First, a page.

Creating a variation graph for Giraffe alignment from assemblies
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17 months ago
Michael • 0

I have a collection of ~100 4.5 megabase haploid assemblies that I would like to map to using giraffe. However, I am not completely clear on what the best practices are to construct the graph starting from the assemblies. I have used PGGB to create a GFA with haplotype information, but from the wiki and previous biostars responses vg autoindex --giraffe only works from a VCF + Ref and does not currently support working from a GFA with haplotype information.

I have considered a few options:

1. Manually create all of the indexes for giraffe using the commands found here: https://github.com/vgteam/vg/wiki/Index-Types
2. Use vg deconstruct to create a VCF containing all variation in the PGGB GFA graph relative to one reference, and then use that VCF + ref FASTA to run vg autoindex --giraffe.
3. Use an alternative method to create a VCF from assemblies, although I am not sure which method would be best for this.

I would appreciate any advice on which of these options are best, or for any advice in general about what would be the best practice when constructing graphs directly from haploid assemblies.

vg vgteam • 863 views
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17 months ago
Jouni Sirén ▴ 300

The best practices are still evolving, because there is no standard way of representing a graph that contains both reference paths and haplotype paths. Giraffe itself does not care about the distinction, but you have to specify the reference paths if you want to use downstream tools based on linear references.

We prefer using GFA P-lines for the reference paths and W-lines (from a pull request that has not been merged into the GFA specification) for haplotype paths. I believe PGGB uses P-lines for everything.

We skipped a VG release due to summer vacations, but there should be a new release next week (~August 16). That release will include many improvements to using GFA graphs with Giraffe. If the GFA contains W-lines, vg autoindex will detect it and build Giraffe indexes using both the reference paths and the haplotypes. Otherwise you have to build the indexes manually. You can convert the GFA into GBZ format (GBWT + GBWTGraph) with vg gbwt, build a distance index for the GBZ with vg snarls and vg index, and then build the minimizer index for the GBZ and the distance index with vg minimizer. (Using the distance index for minimizer index construction is important, because Giraffe is much slower without cached distance information.)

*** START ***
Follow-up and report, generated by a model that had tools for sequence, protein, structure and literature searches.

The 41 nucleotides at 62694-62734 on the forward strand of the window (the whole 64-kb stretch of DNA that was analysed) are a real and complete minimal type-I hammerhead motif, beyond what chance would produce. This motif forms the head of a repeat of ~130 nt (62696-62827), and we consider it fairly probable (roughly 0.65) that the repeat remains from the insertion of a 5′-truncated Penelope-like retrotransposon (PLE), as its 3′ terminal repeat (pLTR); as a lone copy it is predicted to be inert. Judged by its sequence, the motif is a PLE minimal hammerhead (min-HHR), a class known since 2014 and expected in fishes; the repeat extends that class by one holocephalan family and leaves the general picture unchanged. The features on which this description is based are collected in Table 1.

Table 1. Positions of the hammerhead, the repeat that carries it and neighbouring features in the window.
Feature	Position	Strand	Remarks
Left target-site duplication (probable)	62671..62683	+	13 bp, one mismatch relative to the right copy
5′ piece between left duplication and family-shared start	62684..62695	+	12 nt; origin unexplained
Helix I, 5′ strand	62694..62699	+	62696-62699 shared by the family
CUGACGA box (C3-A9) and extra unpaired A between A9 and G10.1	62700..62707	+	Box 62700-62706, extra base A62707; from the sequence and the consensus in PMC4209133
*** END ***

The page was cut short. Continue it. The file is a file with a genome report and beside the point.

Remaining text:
If you need reference paths for downstream analysis, things become a bit more difficult. If you started with a GFA with both P-lines and W-lines, you can simply convert the GBZ into XG with vg convert. Otherwise you have to parse GBWT metadata from GFA path names during GBZ construction, which requires that the paths must be named in a consistent way. GBWT path names consist of four components: sample name, contig name, haplotype id, and fragment id. Each name must be unique, but if you leave the fragment id unspecified, it will be used for disambiguating between otherwise identical names. Reference paths must all have the same sample name and distinct contig names (which become path names in the XG graph). In this case, you must specify the reference sample name with vg convert option --ref-sample.

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Thank you for the help! This is very useful. I am a little confused about the terminology for paths though. Each of my reference sequences used to construct the graph are haploid assemblies from homozygous cell lines, so each reference sequence path is also a full haplotype path. Does this mean my P-lines (reference paths) should be duplicated as W-lines (haplotype paths) if I want to use the W-lines feature with GFA? Or do haplotype paths have their own distinct meaning here?

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A reference path in VG terminology is a path that provides a coordinate system. If you want to use downstream tools based on linear sequences, you have to project the alignments from the graph to a reference sequence. It is often assumed that there is one reference path in each graph component.

Haplotype paths are additional paths that inform some VG algorithms which alignments are likely to be true.

We usually assume that reference paths are synthetic sequences, while haplotype paths are true haplotypes. If you have only true haplotypes, they should all be either P-lines or W-lines. With P-lines, you have to use regular expressions for parsing GBWT path names from GFA path names. With W-lines, the required fields already match closely to GBWT path name components. If you are using only one line type, GBWT does not know which set of paths is supposed to be the reference. Hence you have to specify --ref-sample when converting GBZ to XG, regardless of whether you are using P-lines or W-lines.